Team Israel HC Jay Hoffman talks about qualifier against Belgian Barbarians

When Team Israel takes the field Sunday, October 6, at Kraft Family Stadium in Jerusalem, against Team Belgium in Group B of the IFAF 2020 European Championship qualification round, Israeli head coach Jay Hoffman is aware of the implications for his team and for the sport itself in Israel.

Team Israel defeated Turkey in the first game of Group B action last month and a win over a seasoned Belgian Barbarians team. Although Belgium lost to Ireland in a friendly game in early September, this is a veteran squad, experienced in international competition. The Belgians have been probably the busiest national team in Europe over the past five years.

American Football International asked Hoffman about the importance of this game and his team’s prospects.

AFI: You opened your qualifying round with a big win over Turkey last month. Tomorrow’ game has huge implications for Israel. How do you feel about your chances?

Hoffman: I am confident that we have the athleticism to compete.  However, without having the ability to share game films we are competing for the most part against an unknown opponent.  That being said, the importance of this game is recognized by all of our players – to be part of the first ever international football game held in Israel is huge, and the importance of playing well in front of our fans, family and the country creates a tremendous motivation and excitement.  If we can channel and control that  energy we will be fine.

AFI: Against Turkey, you built a solid lead and then had to hold on as Turkey surged back. Are you concerned about that kind of situation in this game?

Hoffman: We had the chance to end the game early, and we made a few mistakes that cost us and almost cost us the game.  Those mistakes, both on coaching decisions and player performance, were correctable and won’t happen again.  The benefit of having that game under our belt and learning from it, without it having cost us a victory, is huge.  Keep in mind that unlike a lot of teams that we are competing against we did not have any “friendly games” leading to our game against Turkey.  So, that game was the first chance we had to compete against an opponent.  We should not have those issues against Belgium.

AFI: How much do you know about the Belgian Barbarians?

Hoffman: Little, and that obviously is a concern.

AFI: You have a strong running game as does Team Ireland who beat the Belgians last month. Will you stick to that tomorrow?

Hoffman: We were successful running the ball against Turkey. Obviously, that is a strong area of ours, depending upon what Belgium does to defend this we will adjust accordingly.  I like the weapons that we have on offense and our ability to adapt to different scenarios.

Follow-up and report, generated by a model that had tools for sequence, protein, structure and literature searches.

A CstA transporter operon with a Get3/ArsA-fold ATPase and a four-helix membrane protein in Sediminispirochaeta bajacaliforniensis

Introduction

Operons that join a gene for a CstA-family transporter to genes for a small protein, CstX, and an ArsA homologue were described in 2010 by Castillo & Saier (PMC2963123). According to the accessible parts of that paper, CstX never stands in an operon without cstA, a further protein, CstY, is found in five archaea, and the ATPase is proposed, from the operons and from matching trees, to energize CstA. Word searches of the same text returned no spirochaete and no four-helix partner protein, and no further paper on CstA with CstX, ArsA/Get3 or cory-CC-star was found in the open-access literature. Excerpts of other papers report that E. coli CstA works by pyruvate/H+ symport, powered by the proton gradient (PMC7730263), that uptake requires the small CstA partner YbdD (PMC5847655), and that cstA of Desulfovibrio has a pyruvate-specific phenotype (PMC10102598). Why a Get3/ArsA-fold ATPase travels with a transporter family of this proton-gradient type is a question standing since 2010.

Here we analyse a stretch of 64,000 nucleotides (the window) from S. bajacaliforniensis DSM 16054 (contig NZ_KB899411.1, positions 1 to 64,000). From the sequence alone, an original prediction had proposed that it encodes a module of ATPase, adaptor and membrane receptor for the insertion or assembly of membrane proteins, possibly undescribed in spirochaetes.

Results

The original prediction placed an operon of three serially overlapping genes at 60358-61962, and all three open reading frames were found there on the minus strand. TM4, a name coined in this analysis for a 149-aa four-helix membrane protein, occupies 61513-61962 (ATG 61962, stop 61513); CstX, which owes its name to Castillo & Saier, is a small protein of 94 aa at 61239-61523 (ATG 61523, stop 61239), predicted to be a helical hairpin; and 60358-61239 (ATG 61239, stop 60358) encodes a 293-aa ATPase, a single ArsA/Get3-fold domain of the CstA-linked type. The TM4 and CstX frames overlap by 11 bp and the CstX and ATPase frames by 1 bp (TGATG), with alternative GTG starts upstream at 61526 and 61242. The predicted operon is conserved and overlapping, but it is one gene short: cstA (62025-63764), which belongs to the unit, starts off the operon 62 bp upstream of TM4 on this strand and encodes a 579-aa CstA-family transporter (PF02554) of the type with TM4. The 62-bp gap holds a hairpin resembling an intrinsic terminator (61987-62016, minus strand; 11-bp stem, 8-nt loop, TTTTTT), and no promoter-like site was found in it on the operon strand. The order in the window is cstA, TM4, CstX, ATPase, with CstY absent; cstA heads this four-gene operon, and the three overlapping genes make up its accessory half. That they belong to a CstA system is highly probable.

AFI: Do you have any major roster changes from the game against Turkey?

Hoffman: One of our starting receivers was unable to play against Turkey due to military commitments.  He will be back against Belgium and should play a major role for us.  He also handles our kicking – so his return is a big plus for us.

AFI: How much would a win in this game mean for football in Israel?

Hoffman: I cannot overstate how important this game is for moving football up the ladder in this country.  I believe that the sport culture in Israel is ready to embrace the game, simply there is a lack of understanding the rules.  With a victory against another International opponent in Israel will cause people to notice and have the patience to learn how football can play an important role in society.  Values such as teamwork, discipline and hard word are the benefits from football that society in general can benefit from, especially one that has mandatory military service.  The other benefit from the success of football in Israel would be the opportunity to show how this “melting pot” group of athletes and coaches (secular Jews, religious Jews, Israeli Arabs and Christians) can bond to create a unified team with one goal – competing for the Israeli Flag as one nation.  Hopefully, people will see this and understand how the beauty of sport, especially this sport that is so physical in nature, can transcend all barriers and allow people from various walks of life to succeed together!

In my experience as a player and a coach I have found that the sport of football, that requires such commitment and physicality, to allow players to appreciate their teammates and respect other’s values and perspectives, allows for conversation to overcome issues.

Team Israel faces Belgium, Sunday, October 6, 5pm CEDT. Check out the AFI preview and livestream feed.

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